"That's what culture is all about. It is a mosaic of different colours, different experiences and different practices. That's how you learn. And that's the beauty of a community [to have many different cultures allowing us to learn from each other]," Muhammed said.

Guests asked if any of the Islamic community members ever experienced any hardship practising their faith in Estevan. It turned out that the experiences were good for everyone present. Some of the guests also wanted to know more about fasting rules and how it works for children.

In the presentation about Islam, Muhammed explained that Ramadan is the ninth lunar month of the Islamic calendar and is the fourth pillar of Islam. During this month, Muslims fast all day from dawn to dusk, and they don't eat or drink anything during the day.

For Muslims, fasting during Ramadan becomes obligatory at the age of 14, but if kids want, they can start earlier. Muhammed added that if a person is travelling, sick, pregnant or can't fast for some other important reasons, they can complete the missing days afterwards. Also, if a person cannot keep fast due to age or weakness, they can give money equal to the amount of three daily meals to a hungry person or feed someone who is hungry to compensate for the missing fasting days.

Islam is an Arabic word which means "surrender, submission, commitment and peace." Thus, Islam can be defined as a path to attain complete peace through voluntary submission to the divine will, Muhammed explained.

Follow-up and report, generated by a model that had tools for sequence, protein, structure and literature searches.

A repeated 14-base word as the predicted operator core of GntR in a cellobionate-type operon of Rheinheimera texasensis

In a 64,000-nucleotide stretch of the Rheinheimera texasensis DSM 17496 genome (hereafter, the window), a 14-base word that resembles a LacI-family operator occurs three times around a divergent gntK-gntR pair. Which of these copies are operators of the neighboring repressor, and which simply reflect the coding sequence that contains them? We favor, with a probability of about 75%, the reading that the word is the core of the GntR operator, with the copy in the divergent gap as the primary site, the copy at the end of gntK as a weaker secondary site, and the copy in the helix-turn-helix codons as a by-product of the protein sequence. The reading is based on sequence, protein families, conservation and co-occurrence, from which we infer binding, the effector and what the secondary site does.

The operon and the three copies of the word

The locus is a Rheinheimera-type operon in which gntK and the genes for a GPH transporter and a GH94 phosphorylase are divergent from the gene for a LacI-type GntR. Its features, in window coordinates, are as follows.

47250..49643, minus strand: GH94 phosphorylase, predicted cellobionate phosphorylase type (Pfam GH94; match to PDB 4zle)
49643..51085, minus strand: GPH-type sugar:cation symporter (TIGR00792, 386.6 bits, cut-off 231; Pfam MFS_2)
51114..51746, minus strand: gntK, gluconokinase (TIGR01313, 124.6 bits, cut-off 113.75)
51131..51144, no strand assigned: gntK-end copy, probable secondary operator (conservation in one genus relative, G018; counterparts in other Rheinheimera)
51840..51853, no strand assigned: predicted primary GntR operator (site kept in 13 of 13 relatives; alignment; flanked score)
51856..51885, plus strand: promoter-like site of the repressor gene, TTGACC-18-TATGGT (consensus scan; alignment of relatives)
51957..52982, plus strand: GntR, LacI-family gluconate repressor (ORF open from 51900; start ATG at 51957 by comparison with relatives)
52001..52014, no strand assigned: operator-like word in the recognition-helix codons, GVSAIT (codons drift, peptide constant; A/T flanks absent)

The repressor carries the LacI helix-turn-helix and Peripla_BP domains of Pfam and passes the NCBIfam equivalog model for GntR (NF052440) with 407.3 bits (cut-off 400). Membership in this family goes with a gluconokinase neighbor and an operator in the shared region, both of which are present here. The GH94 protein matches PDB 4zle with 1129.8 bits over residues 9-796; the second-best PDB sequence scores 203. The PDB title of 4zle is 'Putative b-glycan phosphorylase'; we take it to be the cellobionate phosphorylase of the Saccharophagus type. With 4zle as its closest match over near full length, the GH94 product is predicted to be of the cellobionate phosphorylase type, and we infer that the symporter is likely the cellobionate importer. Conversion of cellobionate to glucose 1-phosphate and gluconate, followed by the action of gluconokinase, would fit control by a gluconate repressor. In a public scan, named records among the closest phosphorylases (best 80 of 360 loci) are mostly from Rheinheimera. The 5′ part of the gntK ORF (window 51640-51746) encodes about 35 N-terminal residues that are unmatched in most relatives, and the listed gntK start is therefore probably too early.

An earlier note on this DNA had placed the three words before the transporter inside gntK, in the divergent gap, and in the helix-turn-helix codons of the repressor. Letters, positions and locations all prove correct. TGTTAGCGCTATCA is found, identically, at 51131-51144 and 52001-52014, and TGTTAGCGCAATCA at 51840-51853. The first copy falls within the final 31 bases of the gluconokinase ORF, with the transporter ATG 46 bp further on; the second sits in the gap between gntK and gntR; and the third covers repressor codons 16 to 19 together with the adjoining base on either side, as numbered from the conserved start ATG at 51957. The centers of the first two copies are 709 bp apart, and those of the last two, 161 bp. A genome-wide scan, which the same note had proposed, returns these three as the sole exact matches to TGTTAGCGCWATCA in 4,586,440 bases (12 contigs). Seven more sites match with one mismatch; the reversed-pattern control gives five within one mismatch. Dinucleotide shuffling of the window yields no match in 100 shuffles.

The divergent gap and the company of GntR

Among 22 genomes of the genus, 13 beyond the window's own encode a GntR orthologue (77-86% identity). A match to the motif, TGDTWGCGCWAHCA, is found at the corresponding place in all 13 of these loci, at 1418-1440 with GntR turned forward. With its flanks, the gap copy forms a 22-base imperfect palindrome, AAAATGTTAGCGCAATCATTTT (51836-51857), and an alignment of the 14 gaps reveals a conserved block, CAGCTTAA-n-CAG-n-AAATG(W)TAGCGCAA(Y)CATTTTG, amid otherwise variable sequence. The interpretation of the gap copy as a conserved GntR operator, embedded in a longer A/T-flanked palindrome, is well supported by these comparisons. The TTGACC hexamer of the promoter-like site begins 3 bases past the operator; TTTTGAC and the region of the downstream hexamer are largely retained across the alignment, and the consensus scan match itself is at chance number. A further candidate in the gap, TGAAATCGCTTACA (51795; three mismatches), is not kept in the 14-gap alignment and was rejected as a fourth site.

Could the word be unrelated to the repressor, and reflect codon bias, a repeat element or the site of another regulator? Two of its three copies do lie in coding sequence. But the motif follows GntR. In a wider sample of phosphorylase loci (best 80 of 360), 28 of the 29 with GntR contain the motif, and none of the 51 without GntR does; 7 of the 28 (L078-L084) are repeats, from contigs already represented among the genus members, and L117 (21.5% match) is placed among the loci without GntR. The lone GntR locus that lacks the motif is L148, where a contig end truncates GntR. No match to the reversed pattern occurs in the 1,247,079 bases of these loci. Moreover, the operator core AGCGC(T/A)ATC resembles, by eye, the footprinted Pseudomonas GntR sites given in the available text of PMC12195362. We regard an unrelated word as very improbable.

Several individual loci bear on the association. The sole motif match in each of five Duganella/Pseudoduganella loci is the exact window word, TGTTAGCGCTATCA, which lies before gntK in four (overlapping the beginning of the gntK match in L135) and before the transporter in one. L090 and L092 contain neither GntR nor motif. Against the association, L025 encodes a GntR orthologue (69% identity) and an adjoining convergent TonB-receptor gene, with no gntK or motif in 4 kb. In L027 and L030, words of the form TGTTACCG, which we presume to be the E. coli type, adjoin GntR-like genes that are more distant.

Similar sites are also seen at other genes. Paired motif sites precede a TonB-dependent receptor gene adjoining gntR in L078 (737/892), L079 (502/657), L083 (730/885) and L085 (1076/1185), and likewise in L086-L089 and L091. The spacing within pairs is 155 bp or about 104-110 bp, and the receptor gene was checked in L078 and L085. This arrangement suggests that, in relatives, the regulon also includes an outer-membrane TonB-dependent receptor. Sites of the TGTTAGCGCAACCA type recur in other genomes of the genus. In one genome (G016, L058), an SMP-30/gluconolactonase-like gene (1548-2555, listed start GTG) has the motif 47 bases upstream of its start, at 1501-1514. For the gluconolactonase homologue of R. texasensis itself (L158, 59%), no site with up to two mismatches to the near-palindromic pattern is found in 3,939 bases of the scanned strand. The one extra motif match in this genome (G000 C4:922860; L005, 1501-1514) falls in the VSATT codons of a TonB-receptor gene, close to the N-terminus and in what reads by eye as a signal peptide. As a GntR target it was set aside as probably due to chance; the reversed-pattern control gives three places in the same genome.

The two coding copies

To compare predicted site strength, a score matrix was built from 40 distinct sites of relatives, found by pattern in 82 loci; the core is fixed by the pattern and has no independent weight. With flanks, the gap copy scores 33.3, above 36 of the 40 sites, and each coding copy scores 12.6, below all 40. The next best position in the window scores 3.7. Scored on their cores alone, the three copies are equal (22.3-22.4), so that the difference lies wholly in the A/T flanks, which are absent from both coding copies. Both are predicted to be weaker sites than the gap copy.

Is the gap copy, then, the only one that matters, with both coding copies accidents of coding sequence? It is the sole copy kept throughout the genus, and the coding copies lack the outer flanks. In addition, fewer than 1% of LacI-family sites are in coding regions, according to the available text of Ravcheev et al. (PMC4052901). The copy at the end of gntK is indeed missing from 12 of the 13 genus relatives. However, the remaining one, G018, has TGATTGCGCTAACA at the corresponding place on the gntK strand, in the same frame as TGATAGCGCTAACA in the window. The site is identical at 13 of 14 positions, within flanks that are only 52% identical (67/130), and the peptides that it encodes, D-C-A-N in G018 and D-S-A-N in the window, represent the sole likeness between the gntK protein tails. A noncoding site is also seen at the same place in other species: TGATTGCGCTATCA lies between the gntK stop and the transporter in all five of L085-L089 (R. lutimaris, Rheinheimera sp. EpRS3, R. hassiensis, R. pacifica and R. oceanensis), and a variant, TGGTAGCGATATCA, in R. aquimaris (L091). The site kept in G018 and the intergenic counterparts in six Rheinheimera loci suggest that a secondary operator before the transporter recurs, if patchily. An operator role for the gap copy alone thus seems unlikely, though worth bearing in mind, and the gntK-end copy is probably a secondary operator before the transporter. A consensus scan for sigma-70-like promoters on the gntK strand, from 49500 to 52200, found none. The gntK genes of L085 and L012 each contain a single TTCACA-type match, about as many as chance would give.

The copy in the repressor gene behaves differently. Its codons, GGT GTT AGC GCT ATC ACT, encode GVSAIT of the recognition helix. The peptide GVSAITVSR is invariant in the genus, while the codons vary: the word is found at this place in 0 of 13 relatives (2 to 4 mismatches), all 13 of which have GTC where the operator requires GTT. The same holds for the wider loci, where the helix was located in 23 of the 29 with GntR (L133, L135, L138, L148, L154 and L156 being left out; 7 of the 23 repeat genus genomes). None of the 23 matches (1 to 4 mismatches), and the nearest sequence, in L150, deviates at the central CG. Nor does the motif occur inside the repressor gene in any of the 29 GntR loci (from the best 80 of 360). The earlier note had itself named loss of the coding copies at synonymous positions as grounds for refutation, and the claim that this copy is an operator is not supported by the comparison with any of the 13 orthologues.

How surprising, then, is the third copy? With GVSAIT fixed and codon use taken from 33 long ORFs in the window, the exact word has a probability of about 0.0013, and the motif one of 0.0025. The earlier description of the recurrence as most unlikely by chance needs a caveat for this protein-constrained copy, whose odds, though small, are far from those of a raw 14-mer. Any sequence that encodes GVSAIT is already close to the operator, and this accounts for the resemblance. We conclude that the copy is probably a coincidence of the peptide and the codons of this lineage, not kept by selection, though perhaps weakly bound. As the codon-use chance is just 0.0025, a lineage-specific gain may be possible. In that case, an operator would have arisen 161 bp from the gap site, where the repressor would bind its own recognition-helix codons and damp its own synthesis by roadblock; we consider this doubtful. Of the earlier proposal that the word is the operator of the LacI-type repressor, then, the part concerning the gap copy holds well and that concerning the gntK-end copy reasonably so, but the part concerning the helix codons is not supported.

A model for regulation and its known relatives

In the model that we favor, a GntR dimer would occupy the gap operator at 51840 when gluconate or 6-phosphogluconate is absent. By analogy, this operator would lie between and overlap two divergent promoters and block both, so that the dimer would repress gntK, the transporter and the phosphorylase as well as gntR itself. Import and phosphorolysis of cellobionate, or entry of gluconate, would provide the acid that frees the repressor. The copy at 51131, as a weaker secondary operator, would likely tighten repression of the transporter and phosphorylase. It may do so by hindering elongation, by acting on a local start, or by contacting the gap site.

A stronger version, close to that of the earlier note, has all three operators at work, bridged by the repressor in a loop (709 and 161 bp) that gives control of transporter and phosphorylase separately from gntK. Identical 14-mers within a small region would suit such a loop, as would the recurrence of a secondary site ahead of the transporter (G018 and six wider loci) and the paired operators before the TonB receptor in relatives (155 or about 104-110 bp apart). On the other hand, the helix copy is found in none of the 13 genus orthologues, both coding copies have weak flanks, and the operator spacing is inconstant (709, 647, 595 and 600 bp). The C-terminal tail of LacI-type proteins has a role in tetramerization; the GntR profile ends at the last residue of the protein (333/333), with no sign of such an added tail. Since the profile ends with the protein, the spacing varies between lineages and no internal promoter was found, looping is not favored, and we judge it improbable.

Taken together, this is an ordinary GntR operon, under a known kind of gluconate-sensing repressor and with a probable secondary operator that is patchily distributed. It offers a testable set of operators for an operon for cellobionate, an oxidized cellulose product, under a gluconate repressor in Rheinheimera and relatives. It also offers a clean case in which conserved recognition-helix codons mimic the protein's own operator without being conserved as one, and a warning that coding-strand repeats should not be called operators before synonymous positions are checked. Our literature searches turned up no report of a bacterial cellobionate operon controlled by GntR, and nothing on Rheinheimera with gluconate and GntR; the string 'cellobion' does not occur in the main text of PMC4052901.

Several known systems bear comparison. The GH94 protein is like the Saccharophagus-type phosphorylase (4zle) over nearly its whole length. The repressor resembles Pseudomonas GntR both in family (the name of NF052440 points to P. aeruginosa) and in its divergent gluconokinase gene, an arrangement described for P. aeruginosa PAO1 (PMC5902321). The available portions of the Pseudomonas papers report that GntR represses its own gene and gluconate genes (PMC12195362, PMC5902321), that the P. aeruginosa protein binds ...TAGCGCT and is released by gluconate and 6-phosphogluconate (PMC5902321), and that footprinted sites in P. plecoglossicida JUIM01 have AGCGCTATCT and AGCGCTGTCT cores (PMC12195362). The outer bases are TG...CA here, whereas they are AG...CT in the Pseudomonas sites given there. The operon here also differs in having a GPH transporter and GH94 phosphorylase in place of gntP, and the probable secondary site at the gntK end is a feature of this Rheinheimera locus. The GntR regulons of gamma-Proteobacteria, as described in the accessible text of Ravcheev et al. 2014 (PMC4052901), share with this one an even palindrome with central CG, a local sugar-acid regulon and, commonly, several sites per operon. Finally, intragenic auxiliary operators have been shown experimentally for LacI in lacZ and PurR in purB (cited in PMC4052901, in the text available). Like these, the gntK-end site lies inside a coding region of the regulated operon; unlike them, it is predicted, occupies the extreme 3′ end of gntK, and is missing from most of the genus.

Islamic faith is centred around belief in the one God (Allah) and the Prophet Muhammed is Allah's last messenger and prophet. Islam teaches to believe all messengers from Allah, from the first prophet Adam to the last prophet Muhammed. All the prophets preached the same universal message of belief in one God and kindness to humanity.

Muhammad was born in Mecca, Saudi Arabia around about 1,450 years ago. He grew up in a society of superstitious people and social and economic injustice. The people were worshipping many gods and had forgotten the message of the prophet Abraham to worship one God. Muhammad, when he was about 40 years old, received a revelation from Allah through the angel

"Allah" is simply the Arabic word for God. In Islam, Allah is the creator of the whole universe, heaven and hell, there is nothing equal to Allah; he was there before the creation of this universe and Allah will be almighty forever. He never sleeps, never eats nor does Allah have family, Allah is alone and unique.